Is Reducing Meat Enough? Here’s What Else You Need To Do To Make Your Diet Planet Friendly

The world is eating too much meat, but some countries are undeniably ahead of others. The average American, for example, consumes around 274 pounds of meat per year.  Cutting back on this amount can make a significant impact on the planet, there’s no doubt. But when it comes to a more sustainable diet, is simply reducing meat consumption enough? Here’s why it’s worth considering cutting out meat completely—but also why a true planet-friendly diet isn’t just about what you eat, it’s about how you eat.

The impact of reducing meat on the planet

Over the course of one year, one cow will belch around 220 pounds of methane into the atmosphere. The greenhouse gas, which is formed in the digestive systems of ruminant animals, is 28 times more potent than carbon dioxide at heating up the atmosphere.

In America alone, there are more than 29 million cows farmed for beef alone. You do the math, but that’s a heck of a lot of methane.

According to the United Nations, animal agriculture is associated with 14.5 percent of global greenhouse gas emissions. That’s not just methane, but also carbon dioxide and nitrous oxide, too.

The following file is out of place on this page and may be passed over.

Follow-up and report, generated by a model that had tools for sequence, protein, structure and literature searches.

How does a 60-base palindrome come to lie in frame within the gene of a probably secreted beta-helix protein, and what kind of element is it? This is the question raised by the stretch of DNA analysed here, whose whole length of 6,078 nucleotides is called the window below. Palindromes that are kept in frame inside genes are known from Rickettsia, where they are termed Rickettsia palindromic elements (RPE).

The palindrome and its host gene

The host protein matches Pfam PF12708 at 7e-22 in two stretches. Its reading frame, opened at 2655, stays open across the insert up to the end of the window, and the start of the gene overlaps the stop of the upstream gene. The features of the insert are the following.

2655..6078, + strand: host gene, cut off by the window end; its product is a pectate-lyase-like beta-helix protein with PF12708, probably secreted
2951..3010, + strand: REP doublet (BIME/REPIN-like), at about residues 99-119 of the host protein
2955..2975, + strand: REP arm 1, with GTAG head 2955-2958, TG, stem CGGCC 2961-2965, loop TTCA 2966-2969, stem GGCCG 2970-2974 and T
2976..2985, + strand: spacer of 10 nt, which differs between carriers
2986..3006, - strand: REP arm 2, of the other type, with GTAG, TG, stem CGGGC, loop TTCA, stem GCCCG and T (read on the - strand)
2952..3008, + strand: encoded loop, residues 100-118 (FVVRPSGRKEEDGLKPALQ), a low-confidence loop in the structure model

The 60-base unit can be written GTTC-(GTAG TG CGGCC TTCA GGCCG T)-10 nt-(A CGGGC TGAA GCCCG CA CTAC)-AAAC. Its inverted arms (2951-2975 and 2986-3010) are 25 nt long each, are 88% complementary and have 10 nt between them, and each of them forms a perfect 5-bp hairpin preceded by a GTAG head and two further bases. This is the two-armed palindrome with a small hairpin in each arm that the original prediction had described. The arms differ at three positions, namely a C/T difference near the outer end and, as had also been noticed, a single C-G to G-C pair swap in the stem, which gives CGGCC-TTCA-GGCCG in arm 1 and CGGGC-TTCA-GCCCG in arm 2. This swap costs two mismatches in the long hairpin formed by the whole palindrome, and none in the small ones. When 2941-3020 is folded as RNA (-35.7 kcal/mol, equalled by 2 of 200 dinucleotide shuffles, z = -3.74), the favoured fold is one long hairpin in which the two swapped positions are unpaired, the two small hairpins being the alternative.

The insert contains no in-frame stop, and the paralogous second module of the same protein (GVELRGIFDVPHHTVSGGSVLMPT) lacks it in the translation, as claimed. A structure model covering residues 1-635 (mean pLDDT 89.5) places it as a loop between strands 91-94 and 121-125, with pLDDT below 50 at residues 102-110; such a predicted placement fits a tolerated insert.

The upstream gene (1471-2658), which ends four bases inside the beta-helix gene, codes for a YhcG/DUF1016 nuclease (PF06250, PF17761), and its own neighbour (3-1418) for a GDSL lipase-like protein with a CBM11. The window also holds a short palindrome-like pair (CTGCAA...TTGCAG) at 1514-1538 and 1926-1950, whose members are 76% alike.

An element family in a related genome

Farming animals for food is also a leading driver of deforestation—in the last six years, more than 800 million trees in the Amazon were felled to make room for beef farming. And it is a major contributor to water pollution, air pollution, and ocean dead zones, too. In 2017, one report linked toxins that flow into the water from major meat producers like Tyson Foods to fueling the worst dead zone on record in the Gulf of Mexico.

VegNews.cowfarming.pexelsPexels

Cutting back on meat consumption, particularly in the West, can make a big difference to this impact. For example, in 2022, one study suggested that replacing one-fifth of the world’s beef proteins with mushroom meat could cut deforestation in half by 2050. “The good news is that people do not need to be afraid they can eat only greens in the future,” lead researcher Florian Humpenöder said at the time. “They can continue eating burgers and the like, it’s just that those burger patties will be produced in a different way.”

Another study in 2022, conducted at the University of Bonn in Germany, noted that for the planet to survive, wealthy nations must cut their meat consumption by at least 75 percent. “If all humans consumed as much meat as Europeans or North Americans, we would certainly miss the international climate targets and many ecosystems would collapse,” study author Matin Qaim, a professor at the Center for Development Research (ZEF) at the University of Bonn, said in a statement. “We therefore need to significantly reduce our meat consumption, ideally to 20 kilograms or less annually.”

To make a bigger difference: go vegan for the planet 

Reducing meat is an important step towards a more planet-friendly diet, and it’s becoming more popular than ever. In April 2022, research from Beneo GmbH evaluated more than 12,000 consumers across 10 countries and found that around one in four identify as flexitarian.